PALESTINIANS CELEBRATE Nakba Day at Jerusalem’s Damascus Gate in 2014.
(photo credit: MARC ISRAEL SELLEM)
The border between Israel and Gaza was recently again on fire, yet the world yawns with indifference. Apart from Turkey and South Africa, no state had even withdrawn its ambassador from Tel Aviv. Despite the occupation, the Jewish state is far from being internationally isolated.
But instead of elaborating on the reasons for the relative success of Prime Minister Benjamin Netanyahu’s foreign policy, I would like to focus on the underlying strategic reasons for a parallel process: the failure of the Palestinian national movement. Since 1948, the Palestinians failed to achieve all of their important goals: Israel was not destroyed, the Palestinian refugees were not granted the right to return to their former homes and an independent Palestinian state was not established in any part of historic Palestine.
This failure is not a matter of strategy. Since their military defeat in 1948, the Palestinians have tried many strategies, violent and non-violent: cross-border infiltration and airplane hijackings, suicide bombings and knifings, guerrilla warfare and mass protests, stone-throwing and strikes, soft power, media campaigns, lawfare and UN diplomacy. Their two latest non-violent strategies – bilateral negotiations with Israel and the movement for boycott, divestment and sanctions (BDS) – have also failed to make a difference. Today, the Palestinians are divided and weaker than ever. Even the elites in the Arab world have gradually lost interest in their plight.
Some observers argue that the gross power imbalance between Israel and the Palestinians might explain the failure of Palestinian struggle tactics, but that is also incorrect. In the Vietnam War, the NLF (Vietcong) and its North Vietnamese allies were much weaker than the United States of America, and yet they forced the US to abandon the war.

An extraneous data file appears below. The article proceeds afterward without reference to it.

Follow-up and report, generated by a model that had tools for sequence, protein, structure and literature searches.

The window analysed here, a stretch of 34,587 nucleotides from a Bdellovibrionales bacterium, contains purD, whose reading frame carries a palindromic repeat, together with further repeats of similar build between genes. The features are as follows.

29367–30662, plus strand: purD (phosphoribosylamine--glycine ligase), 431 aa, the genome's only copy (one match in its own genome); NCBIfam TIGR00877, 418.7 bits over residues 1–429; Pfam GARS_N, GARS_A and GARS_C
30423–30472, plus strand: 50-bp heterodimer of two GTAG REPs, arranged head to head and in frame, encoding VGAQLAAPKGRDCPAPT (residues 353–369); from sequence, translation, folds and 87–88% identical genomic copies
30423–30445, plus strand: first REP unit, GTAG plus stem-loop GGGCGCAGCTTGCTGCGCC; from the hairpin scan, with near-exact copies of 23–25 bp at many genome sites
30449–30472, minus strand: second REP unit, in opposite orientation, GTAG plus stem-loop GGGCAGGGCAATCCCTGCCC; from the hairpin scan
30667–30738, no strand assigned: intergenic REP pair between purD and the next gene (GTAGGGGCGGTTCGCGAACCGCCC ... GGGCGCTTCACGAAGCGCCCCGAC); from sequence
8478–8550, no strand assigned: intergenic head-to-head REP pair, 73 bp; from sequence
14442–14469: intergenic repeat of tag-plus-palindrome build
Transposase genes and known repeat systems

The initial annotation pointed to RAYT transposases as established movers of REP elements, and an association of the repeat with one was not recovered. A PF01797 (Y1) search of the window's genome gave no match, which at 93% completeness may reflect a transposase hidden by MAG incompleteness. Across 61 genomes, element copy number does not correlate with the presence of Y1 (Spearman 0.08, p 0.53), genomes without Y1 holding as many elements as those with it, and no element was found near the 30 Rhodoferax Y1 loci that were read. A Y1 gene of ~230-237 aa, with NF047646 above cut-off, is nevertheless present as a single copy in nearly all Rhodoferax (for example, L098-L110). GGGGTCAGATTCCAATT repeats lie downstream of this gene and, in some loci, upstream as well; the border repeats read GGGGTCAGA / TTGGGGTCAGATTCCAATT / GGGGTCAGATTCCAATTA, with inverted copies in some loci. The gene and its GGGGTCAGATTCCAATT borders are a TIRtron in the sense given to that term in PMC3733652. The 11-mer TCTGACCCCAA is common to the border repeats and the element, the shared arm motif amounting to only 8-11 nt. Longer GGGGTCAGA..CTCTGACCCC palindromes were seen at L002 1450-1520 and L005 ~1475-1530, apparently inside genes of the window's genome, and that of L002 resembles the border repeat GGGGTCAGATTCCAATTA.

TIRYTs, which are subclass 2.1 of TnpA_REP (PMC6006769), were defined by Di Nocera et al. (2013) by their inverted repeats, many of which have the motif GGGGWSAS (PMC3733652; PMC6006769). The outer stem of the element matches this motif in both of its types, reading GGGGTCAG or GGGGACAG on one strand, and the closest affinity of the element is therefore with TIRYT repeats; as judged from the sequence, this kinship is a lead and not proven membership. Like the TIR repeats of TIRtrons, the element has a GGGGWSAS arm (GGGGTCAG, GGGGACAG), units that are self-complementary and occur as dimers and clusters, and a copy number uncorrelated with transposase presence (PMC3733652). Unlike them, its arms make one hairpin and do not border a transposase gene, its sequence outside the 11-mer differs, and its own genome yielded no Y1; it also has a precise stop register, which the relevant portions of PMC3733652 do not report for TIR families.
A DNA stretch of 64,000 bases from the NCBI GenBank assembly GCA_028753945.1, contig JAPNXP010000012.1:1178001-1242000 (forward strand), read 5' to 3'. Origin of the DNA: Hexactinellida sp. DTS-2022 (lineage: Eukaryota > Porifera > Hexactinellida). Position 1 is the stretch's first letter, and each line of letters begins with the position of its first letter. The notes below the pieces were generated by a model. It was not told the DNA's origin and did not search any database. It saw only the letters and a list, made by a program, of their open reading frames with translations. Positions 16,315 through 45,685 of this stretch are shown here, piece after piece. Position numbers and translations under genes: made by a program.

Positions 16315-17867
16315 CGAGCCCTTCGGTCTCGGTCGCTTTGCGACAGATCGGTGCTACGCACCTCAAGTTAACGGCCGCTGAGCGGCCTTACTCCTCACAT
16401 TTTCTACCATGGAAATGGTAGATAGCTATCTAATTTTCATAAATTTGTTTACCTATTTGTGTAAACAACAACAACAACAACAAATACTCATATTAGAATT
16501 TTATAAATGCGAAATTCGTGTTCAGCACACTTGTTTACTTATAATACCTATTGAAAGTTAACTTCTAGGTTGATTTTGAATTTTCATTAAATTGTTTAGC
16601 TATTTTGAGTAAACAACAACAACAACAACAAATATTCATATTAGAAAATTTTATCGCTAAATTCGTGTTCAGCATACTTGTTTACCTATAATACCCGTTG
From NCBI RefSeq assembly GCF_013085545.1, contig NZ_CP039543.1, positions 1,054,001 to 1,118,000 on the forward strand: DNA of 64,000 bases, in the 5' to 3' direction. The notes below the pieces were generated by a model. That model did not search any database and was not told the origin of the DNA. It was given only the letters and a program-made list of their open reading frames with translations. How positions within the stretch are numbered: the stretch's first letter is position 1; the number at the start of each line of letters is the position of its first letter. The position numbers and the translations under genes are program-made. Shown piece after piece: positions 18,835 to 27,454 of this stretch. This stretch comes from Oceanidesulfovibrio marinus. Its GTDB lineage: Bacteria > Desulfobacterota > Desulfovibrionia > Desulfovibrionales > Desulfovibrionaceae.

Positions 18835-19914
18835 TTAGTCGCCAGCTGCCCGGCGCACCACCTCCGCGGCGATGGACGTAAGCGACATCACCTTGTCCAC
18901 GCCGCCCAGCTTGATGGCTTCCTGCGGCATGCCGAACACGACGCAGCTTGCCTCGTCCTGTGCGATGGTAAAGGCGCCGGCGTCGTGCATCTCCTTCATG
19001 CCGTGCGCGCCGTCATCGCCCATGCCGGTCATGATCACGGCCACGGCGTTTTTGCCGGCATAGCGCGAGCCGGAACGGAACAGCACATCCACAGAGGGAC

The problem of the Palestinians is rather with their unrealistic goals. The goal of the Communists in Vietnam was to coerce the United States to abandon its South Vietnamese allies. That was realizable, because military presence in Vietnam was not considered existential by most Americans.
The Palestinians, by contrast, demand territories with utmost strategic importance, half of the country’s capital city and the right of refugees and generations of their descendants to “return” – a move deemed suicidal by most Israeli Jews. Because the price of these demands is considered so high by Israel, no pain the Palestinians inflict can force the Jewish State to pay it. In other words, even effective strategies of coercion are doomed to fail if one’s demands are unrealistic.
Why didn’t the Palestinians address the mismatch between the scale of their demands – for example the “right of return” – and the weakness of their position? The answer lies in long-term historical developments and patterns deeply ingrained in the Palestinian national movement. As historian Benny Morris writes, many, if not most Palestinians, have seen the Nakba (“catastrophe”) of 1948 not only as a military defeat but also as a moral outrage that could not last. The occupation of their ancestral land and the expulsion of its inhabitants was seen as so morally repugnant – so offensive to the dignity of the Arabs and Muslims that surely somebody must interfere: the Arab world, The Soviet bloc, the United Nations or the international community at large.
These expectations were reinforced by subsequent developments. During the Cold War, the Palestinian problem became a binding glue for large segments of the Third World, even outside of the Arab and Muslim realms. Countries as remote as China and India saw Israel as a repugnant symbol of Western imperialism, and the cause of Palestine was heralded by liberation movements worldwide, from Indonesia to South Africa.
Famously, former president of South Africa Nelson Mandela said that the freedom of Palestine is a prerequisite for true liberation in his country. The popularity of the Palestinian issue gave them an important asset: an almost automatic majority in the United Nations. However, that asset was also a liability. International support was too weak to coerce Israel, but strong enough to give the Palestinians an illusion of eventual victory.
This illusion removed all incentives for realistic thinking. If a realist fights alone, then his demands must be in accordance with his actual power to coerce. But if one expects salvation from the deus ex machina
of the international community, then it is possible to indulge in moralistic dreams. “The Palestinian Narrative,” based on a sense of moral outrage, passiveness and “legitimate rights” is the stumbling block underlying the failure of their struggle from 1948 to this very day. The writer is a military historian from the Hebrew University of Jerusalem.
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